Hoisted from comments. Understanding what Washington Post reporters think they are doing:
I agree absolutely with your assessement. Ricks' work goes far beyond the critique of the 4thID--it doesn't stand or fall (or rather, it falls) on whether he did or did not have sources "inside the iraqi resistance" or anywhere else at a particular time. His work stands or falls as propaganda, and falls of its own weight, because he didn't bother to report the inconsistencies, unliklihoods, falsehoods, and dreams with which he was presented when he was reporting on the ground as inconsistencies, unliklihoods, falsehoods and dreams. Instead he reported them, by his tone and his style, as "true." That was part of the war effort--part of the propaganda effort.
Ware's reporting is neither here nor there. A good reporter develops sources outside those in the military. To the extent that he is reporting only what the military says, he should always be aware that they will be lying to him at every minute. That is their job. Ricks and everyone else was warned that psy-ops and the resolve of the american people were paramount to the bush administration, and that controlling american opinion was a major part of the war effort.
I'd like to point out that whether you agree with bilmon's critique or not, it remains "incisive"--it may not be "conclusive" or it may not be "persuasive" but if it got any more incisive ricks' head would have bounced off his shoulders and down the road when he read it.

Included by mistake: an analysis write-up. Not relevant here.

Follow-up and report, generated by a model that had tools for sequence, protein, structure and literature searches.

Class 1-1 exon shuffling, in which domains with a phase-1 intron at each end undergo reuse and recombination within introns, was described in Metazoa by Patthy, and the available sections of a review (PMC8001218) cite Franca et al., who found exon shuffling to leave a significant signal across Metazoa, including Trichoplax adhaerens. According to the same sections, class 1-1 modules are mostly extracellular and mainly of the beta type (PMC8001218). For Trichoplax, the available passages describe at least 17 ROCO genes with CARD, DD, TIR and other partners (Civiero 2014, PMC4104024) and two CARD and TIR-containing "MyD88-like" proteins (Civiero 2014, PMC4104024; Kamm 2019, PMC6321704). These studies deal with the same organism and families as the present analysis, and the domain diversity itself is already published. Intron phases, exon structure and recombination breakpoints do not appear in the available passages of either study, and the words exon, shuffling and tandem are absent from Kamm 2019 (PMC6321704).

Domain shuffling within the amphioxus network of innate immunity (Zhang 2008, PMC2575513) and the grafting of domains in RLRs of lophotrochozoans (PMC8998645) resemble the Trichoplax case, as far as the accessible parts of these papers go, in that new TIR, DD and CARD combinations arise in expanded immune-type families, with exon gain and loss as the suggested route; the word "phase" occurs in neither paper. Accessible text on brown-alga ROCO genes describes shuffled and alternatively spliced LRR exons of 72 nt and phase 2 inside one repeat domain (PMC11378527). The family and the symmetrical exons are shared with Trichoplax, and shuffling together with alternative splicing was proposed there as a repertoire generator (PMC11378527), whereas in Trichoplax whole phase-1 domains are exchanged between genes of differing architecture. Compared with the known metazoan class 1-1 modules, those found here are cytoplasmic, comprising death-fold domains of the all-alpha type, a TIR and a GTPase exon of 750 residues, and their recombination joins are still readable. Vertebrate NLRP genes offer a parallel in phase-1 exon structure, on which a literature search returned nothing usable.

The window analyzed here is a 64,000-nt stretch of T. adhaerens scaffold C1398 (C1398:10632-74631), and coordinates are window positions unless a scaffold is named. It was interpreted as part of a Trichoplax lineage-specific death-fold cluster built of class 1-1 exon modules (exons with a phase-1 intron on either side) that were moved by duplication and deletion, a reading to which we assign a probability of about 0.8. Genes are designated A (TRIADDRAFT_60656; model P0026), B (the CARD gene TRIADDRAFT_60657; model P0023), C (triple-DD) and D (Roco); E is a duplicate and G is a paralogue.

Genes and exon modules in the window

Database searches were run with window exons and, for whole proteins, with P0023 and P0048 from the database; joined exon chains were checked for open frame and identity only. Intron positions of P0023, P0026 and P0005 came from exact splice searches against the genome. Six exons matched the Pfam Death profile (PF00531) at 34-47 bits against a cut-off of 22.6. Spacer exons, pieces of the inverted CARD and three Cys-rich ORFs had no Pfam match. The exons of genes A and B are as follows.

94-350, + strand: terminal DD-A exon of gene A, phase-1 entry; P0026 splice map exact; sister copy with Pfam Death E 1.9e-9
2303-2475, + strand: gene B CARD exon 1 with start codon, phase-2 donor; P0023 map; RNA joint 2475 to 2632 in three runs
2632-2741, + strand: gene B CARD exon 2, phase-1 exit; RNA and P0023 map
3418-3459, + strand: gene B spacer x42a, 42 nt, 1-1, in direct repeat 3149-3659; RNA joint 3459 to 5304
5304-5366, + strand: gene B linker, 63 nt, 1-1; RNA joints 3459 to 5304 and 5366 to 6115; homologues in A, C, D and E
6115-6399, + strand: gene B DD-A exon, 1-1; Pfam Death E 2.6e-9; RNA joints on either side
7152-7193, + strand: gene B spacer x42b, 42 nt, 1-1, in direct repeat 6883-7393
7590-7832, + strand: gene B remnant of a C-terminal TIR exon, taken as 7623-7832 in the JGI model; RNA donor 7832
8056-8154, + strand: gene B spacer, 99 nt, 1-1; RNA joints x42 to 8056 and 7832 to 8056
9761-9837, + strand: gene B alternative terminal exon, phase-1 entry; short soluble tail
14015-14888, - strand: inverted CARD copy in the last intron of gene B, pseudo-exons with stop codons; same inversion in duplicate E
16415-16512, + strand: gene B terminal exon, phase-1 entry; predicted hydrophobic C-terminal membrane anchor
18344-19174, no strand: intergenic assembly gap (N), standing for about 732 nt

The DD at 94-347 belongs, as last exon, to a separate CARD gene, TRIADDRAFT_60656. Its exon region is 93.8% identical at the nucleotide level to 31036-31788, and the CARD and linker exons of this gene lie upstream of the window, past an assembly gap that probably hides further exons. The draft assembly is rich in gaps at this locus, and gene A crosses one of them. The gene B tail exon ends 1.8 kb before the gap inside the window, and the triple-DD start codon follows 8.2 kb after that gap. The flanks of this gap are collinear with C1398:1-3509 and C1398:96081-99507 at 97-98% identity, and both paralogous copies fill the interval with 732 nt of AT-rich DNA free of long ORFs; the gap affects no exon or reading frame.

There is a division in time around each event. There is a point prior to which the outcome could have been changed, and past which the outcome is inevitable. I move my children's drink glasses back to the middle of the table, when they put them down near their elbows, because I know it will be too late to change the outcome once the elbow meets the glass.
I remember the frustration of reading the press day after day and finding only the case for war. I could go to the internet any day and find the case against. If I could do it, so could reporters. By and large, they did not.
This crap about "balance" that we hear from the press? Easy to manipulate. If I have the megaphone, all I have to do is say extreme things. Then whatever the other side chooses to say, balance will always be skewed in my direction. I'd guess Karl Rove has figured that out. Even balance was missing back when there was a chance to change the outcome. In the end, there is no balance when the press alternates between so-called "balance" and stenography.
The reason for a free press is that it informs the public in time for the public to have a real voice in government. That requires that the press tell us the other side, the side that opposes the desires of the powerful, while the outcome is still in question.
Ricks wants credit for doing a better job now that it's too late. Why? What good would it do? Rewarding behavior reenforces the behavior. Ricks' behavior was to give liars a voice when it mattered, then change his view along with public opinion. That is not the behavior we need to reward.
How about this? Ricks could, starting now, report extensively on the guys who got it right. Pundits, thinkers, other reporters. No "he said" for the Bush administration to balance the "she said" of early critics. The early critics have been proven right. That's the whole story.
How about if Ricks, rather than whining about how he improved, tell us how he intends to avoid doing a bad job next time? How about apologizing for failing his readers, his country, and the protections our forefathers granted his profession?